I believe what I say and believe I am right. Thus, the title of my column, Undeniably Right. Take it as you will, that I'm a conservative or I have a huge ego and believe I am always correct. Sometimes those things overlap, sometimes not.
One of the comments that I hear quite often in relationship to the riots, protests, end commentary regarding George Floyd's death is that we need to have a national conversation about police brutality and race relations in America. This is often followed by the opinion that having this conversation will prevent this from happening again. Well I think most of the people expressing these views are sincere in their belief that this is an opportunity to make change. However, I do not believe they really want to have a conversation nor do I believe they really want to effect change. Let me be clear, when I make this statement I am talking about the people who have a platform on which to speak out, including politicians, members of the mainstream media, celebrities, and not necessarily the people who are actually living in the real world.
This week has been something of a whirlwind of a week with lots of news and changing situations regarding our lockdowns. It is one of those weeks when it seemed like the right time to do another quick hits and random observations column it might make you aware of some things are going on and you can look into a little more deeply if you so desire.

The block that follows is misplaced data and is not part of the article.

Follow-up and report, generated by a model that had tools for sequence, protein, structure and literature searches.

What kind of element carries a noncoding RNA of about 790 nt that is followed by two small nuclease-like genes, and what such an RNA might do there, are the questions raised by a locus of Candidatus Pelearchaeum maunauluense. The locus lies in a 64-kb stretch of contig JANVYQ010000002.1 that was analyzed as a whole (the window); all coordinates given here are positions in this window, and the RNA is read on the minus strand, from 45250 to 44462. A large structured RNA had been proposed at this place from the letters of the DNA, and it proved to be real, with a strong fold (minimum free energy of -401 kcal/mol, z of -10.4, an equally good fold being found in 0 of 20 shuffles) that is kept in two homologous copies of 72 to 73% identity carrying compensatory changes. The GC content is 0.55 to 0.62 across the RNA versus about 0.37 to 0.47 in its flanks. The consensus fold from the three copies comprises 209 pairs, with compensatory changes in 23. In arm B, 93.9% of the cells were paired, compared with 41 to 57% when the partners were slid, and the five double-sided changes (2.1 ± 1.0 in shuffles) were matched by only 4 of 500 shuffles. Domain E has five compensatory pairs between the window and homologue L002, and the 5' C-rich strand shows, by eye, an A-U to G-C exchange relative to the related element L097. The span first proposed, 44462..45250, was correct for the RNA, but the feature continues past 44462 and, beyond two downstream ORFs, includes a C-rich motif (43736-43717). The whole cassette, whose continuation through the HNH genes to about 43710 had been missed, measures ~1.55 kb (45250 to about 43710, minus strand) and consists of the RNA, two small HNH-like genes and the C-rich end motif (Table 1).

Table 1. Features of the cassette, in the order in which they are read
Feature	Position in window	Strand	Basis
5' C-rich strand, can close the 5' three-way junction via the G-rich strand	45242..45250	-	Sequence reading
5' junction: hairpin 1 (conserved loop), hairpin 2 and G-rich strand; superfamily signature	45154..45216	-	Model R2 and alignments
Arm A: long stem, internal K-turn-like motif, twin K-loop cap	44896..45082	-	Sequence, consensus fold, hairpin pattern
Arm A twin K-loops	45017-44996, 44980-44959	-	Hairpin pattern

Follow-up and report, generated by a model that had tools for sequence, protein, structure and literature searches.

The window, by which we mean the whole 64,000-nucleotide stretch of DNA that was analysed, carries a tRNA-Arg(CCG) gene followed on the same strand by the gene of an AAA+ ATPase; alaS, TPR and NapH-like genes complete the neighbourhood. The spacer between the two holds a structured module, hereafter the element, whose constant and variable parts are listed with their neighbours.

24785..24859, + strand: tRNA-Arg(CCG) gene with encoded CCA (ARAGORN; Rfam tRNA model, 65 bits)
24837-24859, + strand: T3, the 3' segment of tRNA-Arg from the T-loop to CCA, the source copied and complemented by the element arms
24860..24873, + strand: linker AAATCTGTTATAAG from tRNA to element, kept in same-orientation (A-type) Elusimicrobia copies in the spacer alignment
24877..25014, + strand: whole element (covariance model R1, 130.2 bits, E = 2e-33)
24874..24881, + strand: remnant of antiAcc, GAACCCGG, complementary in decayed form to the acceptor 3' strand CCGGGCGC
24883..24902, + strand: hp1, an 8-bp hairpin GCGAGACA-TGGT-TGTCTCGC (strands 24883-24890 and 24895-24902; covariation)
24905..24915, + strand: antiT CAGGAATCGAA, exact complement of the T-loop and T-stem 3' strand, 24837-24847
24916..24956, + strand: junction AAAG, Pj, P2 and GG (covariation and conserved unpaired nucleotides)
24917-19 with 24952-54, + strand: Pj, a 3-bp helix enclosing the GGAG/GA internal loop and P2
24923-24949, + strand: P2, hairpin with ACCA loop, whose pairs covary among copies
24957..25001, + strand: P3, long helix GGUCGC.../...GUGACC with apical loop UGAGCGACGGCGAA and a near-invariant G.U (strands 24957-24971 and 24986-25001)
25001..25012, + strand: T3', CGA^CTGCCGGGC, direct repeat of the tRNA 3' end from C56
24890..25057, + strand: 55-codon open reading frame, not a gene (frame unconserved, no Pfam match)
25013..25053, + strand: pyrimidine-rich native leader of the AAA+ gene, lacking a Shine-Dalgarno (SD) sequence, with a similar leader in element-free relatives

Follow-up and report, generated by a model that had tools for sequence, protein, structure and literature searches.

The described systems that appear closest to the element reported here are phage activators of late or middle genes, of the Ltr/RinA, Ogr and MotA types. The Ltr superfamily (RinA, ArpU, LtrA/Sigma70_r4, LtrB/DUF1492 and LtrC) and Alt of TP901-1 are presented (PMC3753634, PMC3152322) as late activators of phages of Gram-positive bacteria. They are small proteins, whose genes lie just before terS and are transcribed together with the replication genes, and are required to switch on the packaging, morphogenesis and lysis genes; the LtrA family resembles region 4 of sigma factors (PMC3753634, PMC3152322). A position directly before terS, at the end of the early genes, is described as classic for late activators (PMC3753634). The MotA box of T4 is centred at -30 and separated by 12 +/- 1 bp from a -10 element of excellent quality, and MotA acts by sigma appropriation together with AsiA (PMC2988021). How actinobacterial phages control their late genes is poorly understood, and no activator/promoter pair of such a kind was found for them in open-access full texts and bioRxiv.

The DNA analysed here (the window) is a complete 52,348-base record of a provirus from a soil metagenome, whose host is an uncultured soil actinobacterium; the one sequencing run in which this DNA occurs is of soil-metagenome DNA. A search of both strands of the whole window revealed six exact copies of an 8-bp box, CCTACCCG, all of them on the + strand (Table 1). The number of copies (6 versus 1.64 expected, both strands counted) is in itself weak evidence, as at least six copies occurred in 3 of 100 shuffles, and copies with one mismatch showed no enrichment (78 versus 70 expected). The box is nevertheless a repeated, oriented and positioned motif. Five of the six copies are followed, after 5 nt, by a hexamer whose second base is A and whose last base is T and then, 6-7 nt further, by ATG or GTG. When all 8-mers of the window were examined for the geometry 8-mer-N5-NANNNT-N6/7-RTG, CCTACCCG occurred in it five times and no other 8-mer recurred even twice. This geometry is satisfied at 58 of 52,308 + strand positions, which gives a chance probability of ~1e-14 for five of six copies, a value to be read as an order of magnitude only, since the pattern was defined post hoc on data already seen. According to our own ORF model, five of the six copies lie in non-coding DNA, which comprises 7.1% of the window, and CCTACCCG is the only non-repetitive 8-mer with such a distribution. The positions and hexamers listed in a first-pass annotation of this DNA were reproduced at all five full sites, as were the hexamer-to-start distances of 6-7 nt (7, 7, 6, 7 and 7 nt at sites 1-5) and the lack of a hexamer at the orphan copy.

I don't know how many of you have continued to follow this story about the college entrance cheating scandal that involved a number of celebrities and of course most of the others involved were rich people but Lori Loughlin and her husband reached a plea deal with federal prosecutors this week that will result in them spending two months and five months in jail, facing fines of $150,000 to $250,000 and having to perform hundreds of hours of community service along with two years of supervised release.
I have held what I think is a fairly common opinion regarding our school system especially colleges and universities. I do not think they fulfilled their purpose of truly educating our young people and are more often indoctrination centers telling those that will be our future leaders what to think rather than how to think. it used to be that colleges and universities were where ideas could be discussed openly and freely inviting those with different viewpoints or new ideas to come and discuss them to defend them to convince others or be convinced themselves on the merits of the argument. It has not been that way on our college campuses for quite some time.
The latest example of intolerance comes from Stanford University. The undergraduate student Senate assembly has voted to condemn Assistant Professor of Art History Rose Salseda and they ask that she be censored as well as requesting the University to come up with a detailed plan to prevent such transgressions as committed by Salseda from ever occurring again.
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